The idea that religious institutions should play a central role in understanding the First Amendment has become increasingly prominent in recent years. Litigation over the application of civil rights laws to ministers and the requirement that religious employers provide contraception coverage to their employees have elicited calls for a doctrine of church sovereignty based on an institutional conception of the Religion Clauses. In this Article, we present grounds for skepticism about this new religious institutionalism, especially the concept of “freedom of the church,” which we distinguish from the seemingly related but importantly distinct idea of church autonomy. We further explain why individual rights of conscience are sufficient to protect the free exercise and anti-establishment values of the First Amendment. Our argument, contrary to some recent scholarship, is that religious institutions do not give rise to a special set of rights, autonomy, or sovereignty, and that what might be called institutional or church autonomy is ultimately derived from individual rights of conscience. Indeed, for purposes of understanding religious liberty, we contend that any notion of institutional autonomy — to the extent it exists — can come from nowhere else.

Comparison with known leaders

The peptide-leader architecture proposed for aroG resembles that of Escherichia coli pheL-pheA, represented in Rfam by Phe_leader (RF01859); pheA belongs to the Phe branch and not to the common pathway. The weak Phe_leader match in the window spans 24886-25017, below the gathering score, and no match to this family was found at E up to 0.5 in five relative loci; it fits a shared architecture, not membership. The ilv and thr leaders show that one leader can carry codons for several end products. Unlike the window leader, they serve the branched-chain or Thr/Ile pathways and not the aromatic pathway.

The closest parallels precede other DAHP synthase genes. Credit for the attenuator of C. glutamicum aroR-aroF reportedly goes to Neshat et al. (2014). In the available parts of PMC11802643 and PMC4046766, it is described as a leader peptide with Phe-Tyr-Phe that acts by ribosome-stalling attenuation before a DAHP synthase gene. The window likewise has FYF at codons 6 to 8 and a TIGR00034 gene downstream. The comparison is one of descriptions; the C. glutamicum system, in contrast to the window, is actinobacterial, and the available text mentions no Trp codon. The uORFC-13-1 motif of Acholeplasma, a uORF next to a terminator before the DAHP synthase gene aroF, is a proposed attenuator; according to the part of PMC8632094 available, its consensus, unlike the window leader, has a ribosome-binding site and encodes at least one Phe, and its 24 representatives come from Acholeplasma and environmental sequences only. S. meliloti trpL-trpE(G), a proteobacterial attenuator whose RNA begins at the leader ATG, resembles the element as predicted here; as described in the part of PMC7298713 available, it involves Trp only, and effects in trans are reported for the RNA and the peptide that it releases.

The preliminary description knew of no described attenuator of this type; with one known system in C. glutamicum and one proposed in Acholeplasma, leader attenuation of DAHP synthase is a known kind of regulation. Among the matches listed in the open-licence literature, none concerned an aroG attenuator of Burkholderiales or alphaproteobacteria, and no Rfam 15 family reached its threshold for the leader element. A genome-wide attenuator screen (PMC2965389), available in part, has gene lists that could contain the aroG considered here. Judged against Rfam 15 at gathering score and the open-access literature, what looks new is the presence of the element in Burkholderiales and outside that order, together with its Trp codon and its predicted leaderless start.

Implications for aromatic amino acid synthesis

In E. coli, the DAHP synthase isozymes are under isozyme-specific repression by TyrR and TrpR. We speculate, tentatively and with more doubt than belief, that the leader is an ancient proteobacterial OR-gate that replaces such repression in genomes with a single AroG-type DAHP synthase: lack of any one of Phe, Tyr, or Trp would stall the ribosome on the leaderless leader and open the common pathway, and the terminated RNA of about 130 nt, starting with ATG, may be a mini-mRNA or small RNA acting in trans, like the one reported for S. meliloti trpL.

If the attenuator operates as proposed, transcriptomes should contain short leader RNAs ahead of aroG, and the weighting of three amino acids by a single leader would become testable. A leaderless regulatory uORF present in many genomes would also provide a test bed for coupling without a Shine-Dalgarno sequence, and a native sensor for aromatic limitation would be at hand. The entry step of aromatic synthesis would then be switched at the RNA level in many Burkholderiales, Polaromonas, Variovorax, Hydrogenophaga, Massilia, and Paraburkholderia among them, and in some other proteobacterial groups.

Berger on Ritual, Religion, and Institutions

Peter Berger’s blog is quickly becoming one of my weekly regular reads — and as he explains in this post, blogging is a weekly affair for him.  One of the most incisive points he makes is about the ritualistic qualities and regularized patterns of the institutions that we construct for ourselves — a point that has not gotten as much attention with respect to legal institutions as it perhaps deserves.   Here’s a portion on the relationship of habits, rituals, and institutions:

[E]very habit has the potential to become a ritual. Since ritual is at the very heart of religion, and since I have assumed the obligation to blog about religion at least most of the time, the topic is not out of order here.